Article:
Student responses are usually presented in the aggregate, cloaking individual answers to encourage participation. "In a class like mine on AIDS and other emerging diseases, with more than 300 students, not everyone is going to raise their hand," Broverman said. "I put up the response graph and say, ‘If you voted for B, why didn’t you choose C?’ Students are more likely to speak up. The same six people used to speak over and over. This way I get to survey the whole class."

McNairy said the classroom response system can provide a welcome break in a long lecture. "When interest starts to drift, polling brings the energy level back up," McNairy said.

Most students like the classroom response system. "The days I don’t ask questions, I have students bugging me about not having done it," McNairy said. "They want to have been polled. It’s not to improve their grade. It’s that they want to be asked."

Undergraduate Matt Emery appreciates the incentive to attend McNairy’s physics class and the chance to improve grades. "Some kids don’t like coming to class, but attending class most likely leads to better understanding of the material," Emery said. "Consistently attending class and answering the questions got us a solid 7 points on our final grade, just for participating. The system gives the professor a feel for how the class is learning, and incorporating technology into a classroom full of techno-savvy 21st century kids is definitely a plus!"

Because some students dislike having attendance affect their grades, McNairy grades both with and without numbers from the classroom response system and uses the higher grade.

Mills advises against using the PRS system to take attendance.

"Students have been known to skip class and send their transmitters with friends," Mills said. "Gauging students’ understanding of new material and fostering interactive, participatory class sessions seem to be the sweet spots of the system. Students say it makes the classes fun."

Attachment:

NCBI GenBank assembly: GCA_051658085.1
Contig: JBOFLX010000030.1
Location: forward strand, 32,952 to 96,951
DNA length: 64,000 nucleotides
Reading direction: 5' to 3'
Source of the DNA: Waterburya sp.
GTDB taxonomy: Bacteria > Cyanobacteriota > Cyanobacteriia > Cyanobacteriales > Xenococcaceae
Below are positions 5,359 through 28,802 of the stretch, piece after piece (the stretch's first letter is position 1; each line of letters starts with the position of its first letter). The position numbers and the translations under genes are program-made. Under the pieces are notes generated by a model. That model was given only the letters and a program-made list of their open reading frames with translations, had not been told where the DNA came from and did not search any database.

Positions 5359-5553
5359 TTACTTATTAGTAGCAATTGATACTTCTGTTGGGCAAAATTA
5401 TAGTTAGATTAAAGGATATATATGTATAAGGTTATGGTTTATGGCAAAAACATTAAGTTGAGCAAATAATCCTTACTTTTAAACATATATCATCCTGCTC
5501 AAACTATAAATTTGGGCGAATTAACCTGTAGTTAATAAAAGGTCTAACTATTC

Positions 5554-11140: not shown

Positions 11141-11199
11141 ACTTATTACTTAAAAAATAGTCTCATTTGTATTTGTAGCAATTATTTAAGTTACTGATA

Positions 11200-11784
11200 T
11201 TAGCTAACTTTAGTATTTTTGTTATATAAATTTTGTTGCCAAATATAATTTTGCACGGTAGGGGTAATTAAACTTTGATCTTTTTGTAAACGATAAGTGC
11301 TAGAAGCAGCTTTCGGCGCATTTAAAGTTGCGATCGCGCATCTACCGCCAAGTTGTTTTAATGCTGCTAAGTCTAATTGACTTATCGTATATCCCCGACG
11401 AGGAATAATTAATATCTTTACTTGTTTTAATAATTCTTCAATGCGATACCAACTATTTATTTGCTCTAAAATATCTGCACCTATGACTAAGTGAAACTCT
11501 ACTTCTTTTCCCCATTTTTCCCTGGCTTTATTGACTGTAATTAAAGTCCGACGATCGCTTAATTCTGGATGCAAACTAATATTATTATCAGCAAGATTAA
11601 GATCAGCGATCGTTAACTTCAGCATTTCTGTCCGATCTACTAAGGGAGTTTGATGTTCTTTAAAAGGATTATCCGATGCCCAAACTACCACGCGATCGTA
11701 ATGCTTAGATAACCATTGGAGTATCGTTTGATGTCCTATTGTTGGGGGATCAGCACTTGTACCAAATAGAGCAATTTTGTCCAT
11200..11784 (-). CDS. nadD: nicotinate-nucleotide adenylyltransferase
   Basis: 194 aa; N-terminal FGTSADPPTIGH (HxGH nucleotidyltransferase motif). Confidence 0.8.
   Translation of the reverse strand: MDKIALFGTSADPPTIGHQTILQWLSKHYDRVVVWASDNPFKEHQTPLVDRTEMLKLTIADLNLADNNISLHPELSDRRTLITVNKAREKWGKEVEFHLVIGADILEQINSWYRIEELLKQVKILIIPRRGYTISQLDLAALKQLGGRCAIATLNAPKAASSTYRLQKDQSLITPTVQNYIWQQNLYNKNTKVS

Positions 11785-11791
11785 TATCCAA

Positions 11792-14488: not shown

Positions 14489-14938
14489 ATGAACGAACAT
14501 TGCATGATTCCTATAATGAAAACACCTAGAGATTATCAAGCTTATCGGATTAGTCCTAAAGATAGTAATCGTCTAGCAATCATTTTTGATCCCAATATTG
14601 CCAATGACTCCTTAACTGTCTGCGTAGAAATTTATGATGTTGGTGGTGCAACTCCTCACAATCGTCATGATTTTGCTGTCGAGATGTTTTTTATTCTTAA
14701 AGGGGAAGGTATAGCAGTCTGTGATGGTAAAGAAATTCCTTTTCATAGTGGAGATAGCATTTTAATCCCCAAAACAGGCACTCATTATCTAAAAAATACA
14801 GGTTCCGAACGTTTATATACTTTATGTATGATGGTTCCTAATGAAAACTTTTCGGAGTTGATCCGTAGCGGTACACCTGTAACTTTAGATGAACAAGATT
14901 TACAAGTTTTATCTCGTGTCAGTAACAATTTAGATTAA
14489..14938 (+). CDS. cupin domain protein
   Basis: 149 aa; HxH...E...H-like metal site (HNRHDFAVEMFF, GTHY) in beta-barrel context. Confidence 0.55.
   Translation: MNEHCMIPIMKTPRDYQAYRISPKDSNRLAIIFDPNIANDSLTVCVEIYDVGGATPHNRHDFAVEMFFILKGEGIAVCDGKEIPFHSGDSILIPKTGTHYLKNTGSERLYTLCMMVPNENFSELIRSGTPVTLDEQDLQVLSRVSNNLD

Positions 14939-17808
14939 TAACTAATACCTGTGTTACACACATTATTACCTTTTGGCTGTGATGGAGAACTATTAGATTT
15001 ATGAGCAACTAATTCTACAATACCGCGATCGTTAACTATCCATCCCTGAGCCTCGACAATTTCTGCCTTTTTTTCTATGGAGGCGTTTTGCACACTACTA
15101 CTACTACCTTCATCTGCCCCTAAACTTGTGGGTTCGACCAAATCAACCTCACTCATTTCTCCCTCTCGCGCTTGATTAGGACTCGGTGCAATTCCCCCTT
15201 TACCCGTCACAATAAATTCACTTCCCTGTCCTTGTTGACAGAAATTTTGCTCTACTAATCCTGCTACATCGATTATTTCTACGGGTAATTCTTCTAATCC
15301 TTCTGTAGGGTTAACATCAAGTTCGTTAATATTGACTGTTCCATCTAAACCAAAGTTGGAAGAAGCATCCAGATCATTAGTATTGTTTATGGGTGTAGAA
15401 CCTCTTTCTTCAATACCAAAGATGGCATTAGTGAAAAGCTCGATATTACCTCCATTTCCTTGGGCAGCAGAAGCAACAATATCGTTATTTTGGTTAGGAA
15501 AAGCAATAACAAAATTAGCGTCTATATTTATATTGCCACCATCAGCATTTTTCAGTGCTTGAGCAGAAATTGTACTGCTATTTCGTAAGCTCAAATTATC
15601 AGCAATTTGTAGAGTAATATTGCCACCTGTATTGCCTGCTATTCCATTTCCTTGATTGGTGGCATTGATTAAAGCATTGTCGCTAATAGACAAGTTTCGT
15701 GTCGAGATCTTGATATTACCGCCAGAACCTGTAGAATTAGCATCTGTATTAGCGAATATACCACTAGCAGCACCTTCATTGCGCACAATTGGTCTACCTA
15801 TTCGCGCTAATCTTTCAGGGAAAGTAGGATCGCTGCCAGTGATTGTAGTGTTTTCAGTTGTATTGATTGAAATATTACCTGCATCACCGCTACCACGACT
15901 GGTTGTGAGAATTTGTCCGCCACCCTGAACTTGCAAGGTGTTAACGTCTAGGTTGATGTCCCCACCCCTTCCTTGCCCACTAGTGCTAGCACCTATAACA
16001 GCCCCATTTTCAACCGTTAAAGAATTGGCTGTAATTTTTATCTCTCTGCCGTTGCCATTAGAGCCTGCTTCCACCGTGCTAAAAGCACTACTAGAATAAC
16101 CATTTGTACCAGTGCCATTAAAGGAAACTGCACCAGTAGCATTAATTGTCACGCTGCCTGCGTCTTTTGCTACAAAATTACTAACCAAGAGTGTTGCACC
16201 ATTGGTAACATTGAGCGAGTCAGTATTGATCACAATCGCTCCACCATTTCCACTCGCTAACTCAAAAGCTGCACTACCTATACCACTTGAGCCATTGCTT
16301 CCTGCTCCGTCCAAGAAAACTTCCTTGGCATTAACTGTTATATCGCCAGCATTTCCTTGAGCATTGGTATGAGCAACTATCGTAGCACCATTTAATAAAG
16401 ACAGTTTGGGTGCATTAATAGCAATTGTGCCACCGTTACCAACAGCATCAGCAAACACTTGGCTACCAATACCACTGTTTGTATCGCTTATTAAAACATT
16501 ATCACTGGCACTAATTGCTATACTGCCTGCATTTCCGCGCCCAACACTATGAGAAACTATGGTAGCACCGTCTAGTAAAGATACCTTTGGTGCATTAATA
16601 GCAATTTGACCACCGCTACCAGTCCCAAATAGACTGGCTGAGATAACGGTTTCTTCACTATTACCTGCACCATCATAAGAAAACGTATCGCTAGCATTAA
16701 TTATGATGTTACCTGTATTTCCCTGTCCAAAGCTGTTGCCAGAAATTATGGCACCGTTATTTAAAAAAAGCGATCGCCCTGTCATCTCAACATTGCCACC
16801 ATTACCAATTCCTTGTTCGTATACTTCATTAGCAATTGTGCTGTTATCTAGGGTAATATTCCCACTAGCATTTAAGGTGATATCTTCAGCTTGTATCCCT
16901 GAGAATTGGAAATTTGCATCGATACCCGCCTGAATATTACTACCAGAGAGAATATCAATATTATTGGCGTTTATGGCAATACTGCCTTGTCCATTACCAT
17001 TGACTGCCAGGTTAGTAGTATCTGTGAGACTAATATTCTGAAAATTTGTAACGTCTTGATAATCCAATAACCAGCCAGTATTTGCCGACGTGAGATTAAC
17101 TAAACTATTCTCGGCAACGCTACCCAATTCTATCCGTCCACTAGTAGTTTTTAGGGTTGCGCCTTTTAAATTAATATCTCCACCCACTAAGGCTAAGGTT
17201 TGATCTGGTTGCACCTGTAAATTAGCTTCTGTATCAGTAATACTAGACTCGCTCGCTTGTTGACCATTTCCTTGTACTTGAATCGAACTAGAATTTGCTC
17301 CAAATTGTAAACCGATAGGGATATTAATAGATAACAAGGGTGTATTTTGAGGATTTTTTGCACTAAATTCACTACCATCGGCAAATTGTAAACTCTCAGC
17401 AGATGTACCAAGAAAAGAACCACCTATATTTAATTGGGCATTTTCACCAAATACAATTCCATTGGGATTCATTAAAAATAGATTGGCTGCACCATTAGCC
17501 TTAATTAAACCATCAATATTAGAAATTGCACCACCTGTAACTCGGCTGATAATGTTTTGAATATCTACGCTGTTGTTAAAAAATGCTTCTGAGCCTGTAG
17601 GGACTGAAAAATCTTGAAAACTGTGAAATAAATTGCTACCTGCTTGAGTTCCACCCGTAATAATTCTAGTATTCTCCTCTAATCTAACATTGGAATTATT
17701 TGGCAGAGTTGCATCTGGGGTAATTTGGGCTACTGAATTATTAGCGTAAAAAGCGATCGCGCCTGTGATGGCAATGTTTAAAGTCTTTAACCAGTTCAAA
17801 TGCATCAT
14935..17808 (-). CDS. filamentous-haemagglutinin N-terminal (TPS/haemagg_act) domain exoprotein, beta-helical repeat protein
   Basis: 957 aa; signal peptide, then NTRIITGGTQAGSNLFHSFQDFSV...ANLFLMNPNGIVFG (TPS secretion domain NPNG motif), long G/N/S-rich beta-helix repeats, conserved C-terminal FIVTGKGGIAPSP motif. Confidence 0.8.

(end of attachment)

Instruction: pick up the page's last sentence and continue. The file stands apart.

Support for peer instruction is another benefit provided by classroom response systems, said McNairy. "If 30 to 40 percent of your students have the right answer, you can have groups of students talk among themselves. When you poll again, you typically see an increase to 60 or 70 percent answering correctly."

Broverman said classroom response systems do have drawbacks, including increased preparation time for classes, and students sometimes forgetting their transmitters. "Students say, ‘I want to get credit for being here but I forgot my clicker!’" said Broverman. "You can bury yourself in little notes saying John Smith was here without his clicker."

Broverman and McNairy said the classroom response system is worth the extra time and effort.

"You’re not doing this to be lazy or to monitor attendance," McNairy said. "You do it because the payoffs are incredible."

Story Source:

The above story is based on materials provided by Duke University. Note: Materials may be edited for content and length.

Cite This Page:

Duke University. "Handheld Transmitters Connect Students And Teachers In Class." ScienceDaily. ScienceDaily, 8 February 2005. <www.sciencedaily.com/releases/2005/02/050205125610.htm>.
Duke University. (2005, February 8). Handheld Transmitters Connect Students And Teachers In Class. ScienceDaily. Retrieved July 31, 2014 from www.sciencedaily.com/releases/2005/02/050205125610.htm
Duke University. "Handheld Transmitters Connect Students And Teachers In Class." ScienceDaily. www.sciencedaily.com/releases/2005/02/050205125610.htm (accessed July 31, 2014).